Dubbed the “jihadist’s drug,” Captagon is rapidly flooding the Middle East and is said to be fueling the bloody conflict in Syria. French media recently reported that the Paris attackers may have taken the drug.
Last weekend, Turkish anti-narcotics police seized 11 million Captagon pills in a haul that weighed almost two tonnes. It was set to ship to Gulf countries. Widely banned since the mid-eighties, the pills provide a cheap and long-lasting high and are highly addictive. They also have the potential to cause psychosis and brain damage.
The production of the drug, which keeps fighters awake over long periods of time, is said to be providing income for all factions involved in the Syrian war.
During the last year, shipments of Captagon have been seized on the way to the West Bank, Jordan, Sudan, Syria and the Gulf. In October, Anti-Media reported on a Saudi prince who was arrested for trying to smuggle two tons of the drug onto a plane.
As Syria has been engulfed in war, smugglers of the little-known, highly addictive pills have been forced to find alternate routes through Lebanon.
Lebanese journalist Radwan Mortada has spent 10 years investigating crime, corruption, and the war in Syria. In his documentary for Journeyman Pictures, The Drug Fueling Conflict in Syria, Mortada follows the Captagon trail, from users on the battlefields to traffickers on Lebanese smuggling routes to the kingpins at the top of the supply chain.
“There was no fear anymore”
Since the Syrian war began, police in the region have continued to seize record-breaking numbers of the pills. Lebanon’s biggest haul to date was a whopping 50 million tablets with a street value of $300 million, weighing over 4 tonnes, en route to Dubai.
In Mortada’s documentary, men in Beirut are shown crushing the pills and chopping them into lines. They describe the effects as “better than cocaine” and “really strong and like morphine — for really strong pains.” Their experience points to why Captagon has become the drug of choice for some Syrian fighters.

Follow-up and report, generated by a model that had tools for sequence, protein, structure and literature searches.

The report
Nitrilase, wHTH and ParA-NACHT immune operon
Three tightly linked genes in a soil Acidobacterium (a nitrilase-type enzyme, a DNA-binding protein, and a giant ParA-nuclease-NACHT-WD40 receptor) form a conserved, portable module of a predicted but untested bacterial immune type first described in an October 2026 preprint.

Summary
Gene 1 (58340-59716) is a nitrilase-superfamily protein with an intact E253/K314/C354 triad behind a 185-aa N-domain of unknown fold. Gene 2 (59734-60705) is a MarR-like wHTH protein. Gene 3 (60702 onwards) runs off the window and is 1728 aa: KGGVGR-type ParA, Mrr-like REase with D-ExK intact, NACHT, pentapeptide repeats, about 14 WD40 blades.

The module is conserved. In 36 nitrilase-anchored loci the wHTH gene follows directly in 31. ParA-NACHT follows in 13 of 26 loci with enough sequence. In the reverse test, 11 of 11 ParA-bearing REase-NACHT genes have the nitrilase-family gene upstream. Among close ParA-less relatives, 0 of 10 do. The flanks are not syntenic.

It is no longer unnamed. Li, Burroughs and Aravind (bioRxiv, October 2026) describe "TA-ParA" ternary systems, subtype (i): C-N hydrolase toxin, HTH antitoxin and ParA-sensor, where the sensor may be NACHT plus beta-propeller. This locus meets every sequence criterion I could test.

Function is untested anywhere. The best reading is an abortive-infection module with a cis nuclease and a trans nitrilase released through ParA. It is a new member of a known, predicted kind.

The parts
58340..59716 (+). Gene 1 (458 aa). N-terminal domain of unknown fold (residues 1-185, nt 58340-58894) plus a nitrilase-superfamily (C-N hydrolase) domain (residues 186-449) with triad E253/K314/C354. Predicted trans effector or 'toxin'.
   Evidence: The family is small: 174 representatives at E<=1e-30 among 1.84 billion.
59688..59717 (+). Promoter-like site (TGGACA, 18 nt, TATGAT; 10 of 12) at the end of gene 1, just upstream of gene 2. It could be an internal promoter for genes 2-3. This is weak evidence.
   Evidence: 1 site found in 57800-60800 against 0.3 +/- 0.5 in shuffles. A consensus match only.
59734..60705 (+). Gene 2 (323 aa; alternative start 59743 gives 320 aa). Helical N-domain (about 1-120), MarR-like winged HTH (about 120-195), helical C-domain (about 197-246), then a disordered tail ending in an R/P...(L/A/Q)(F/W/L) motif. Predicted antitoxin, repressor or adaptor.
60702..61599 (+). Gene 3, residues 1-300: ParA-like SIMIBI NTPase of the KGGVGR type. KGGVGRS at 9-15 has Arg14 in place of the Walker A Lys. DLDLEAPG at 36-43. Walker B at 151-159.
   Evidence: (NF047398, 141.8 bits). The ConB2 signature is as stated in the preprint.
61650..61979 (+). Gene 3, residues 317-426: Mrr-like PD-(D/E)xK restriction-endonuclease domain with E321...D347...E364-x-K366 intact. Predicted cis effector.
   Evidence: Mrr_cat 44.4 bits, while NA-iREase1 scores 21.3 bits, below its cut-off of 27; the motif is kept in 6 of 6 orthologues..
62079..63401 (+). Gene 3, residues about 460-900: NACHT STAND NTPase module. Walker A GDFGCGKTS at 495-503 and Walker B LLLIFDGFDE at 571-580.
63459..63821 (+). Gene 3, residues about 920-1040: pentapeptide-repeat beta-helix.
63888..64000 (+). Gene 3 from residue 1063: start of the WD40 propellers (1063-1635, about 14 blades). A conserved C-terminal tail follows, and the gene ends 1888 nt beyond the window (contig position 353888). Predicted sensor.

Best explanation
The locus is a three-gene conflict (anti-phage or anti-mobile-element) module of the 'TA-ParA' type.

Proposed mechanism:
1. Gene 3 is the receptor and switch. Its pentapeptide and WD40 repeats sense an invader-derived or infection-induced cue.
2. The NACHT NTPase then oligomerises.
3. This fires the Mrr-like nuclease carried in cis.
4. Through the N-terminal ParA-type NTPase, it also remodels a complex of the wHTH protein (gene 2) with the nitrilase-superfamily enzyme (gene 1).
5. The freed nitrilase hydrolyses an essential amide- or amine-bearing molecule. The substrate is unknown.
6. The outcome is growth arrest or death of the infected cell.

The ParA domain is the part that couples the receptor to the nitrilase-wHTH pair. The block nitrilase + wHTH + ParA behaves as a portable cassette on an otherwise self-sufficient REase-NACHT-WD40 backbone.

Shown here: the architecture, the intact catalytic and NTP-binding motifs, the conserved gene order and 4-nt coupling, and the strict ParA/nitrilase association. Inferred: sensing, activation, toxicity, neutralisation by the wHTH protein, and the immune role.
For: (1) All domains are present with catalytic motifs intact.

“There was no fear anymore after I took Captagon,” one ex-fighter said.
“It stops you feeling anything, you know? It makes you numb, numb,” said another, who described the first time he took the drug as making him feel physically fit.
“If there were 10 people in front of you, you could catch them and kill them. You’re awake all the time,” he said.
Since 2013, Captagon smuggling in Lebanon has skyrocketed. The Syrian war has not only pushed smuggling through the country, but has allowed gangs to set up makeshift Captagon factories in the country itself.
Mortada’s documentary is the first time an illegal factory has ever been filmed. It shows the pills being packaged and disguised in packets of tissues. Factory workers reveal that they use vegetables, bread, and hair gel for smuggling in Lebanon’s home-grown Captagon trade.
Shia militant group Hezbollah—currently fighting in Syria for the Assad regime—has also been accused of being involved in the trade after two factories were discovered on its premises.
“Standing on their feet”
On the surface, Abu Zeus looks just like a wealthy businessman, but he has been funding Captagon factories for years. He fled Syria when the war began and now resides in Europe. It took Mortada months to persuade him to be interviewed.
Described as being at the top of the supply chain, Abu Zeus boasts on camera of a $6 million profit last year from trading the small pills. The Syrian brigades that have publicly named him as a benefactor number in the thousands, according to Mortada.
Opposed to both the regime and jihadist groups, Abu Zeus brags of keeping the secular groups in Syria “standing on their feet.’’ He boasts of ‘supporting’ around 12,000 armed men.
He claims the Saudis love the drug because of the country’s alcohol ban and admits that selling to them has made him a great deal of money. He’s adamant that his drug profits counter the money from Saudi Arabia that he believes is funding jihadist groups and destroying Syria:
“The truth is that the country that exports terrorism to the Middle East and the protector of terrorism is Saudi Arabia,” he said.
He continued: “The fight is not a revolution anymore, it is a fight between seculars and Salafists — a fight between countries.”
Going some way towards explaining why Captagon is tailor-made for the battlefield—and why some have come to rely on the drug after five years of fighting—another fighter described the drug’s effects. He was frank:
“You don’t have any problems. You don’t even thinking about sleeping or leaving the checkpoint. It gives you great courage and power,” he said.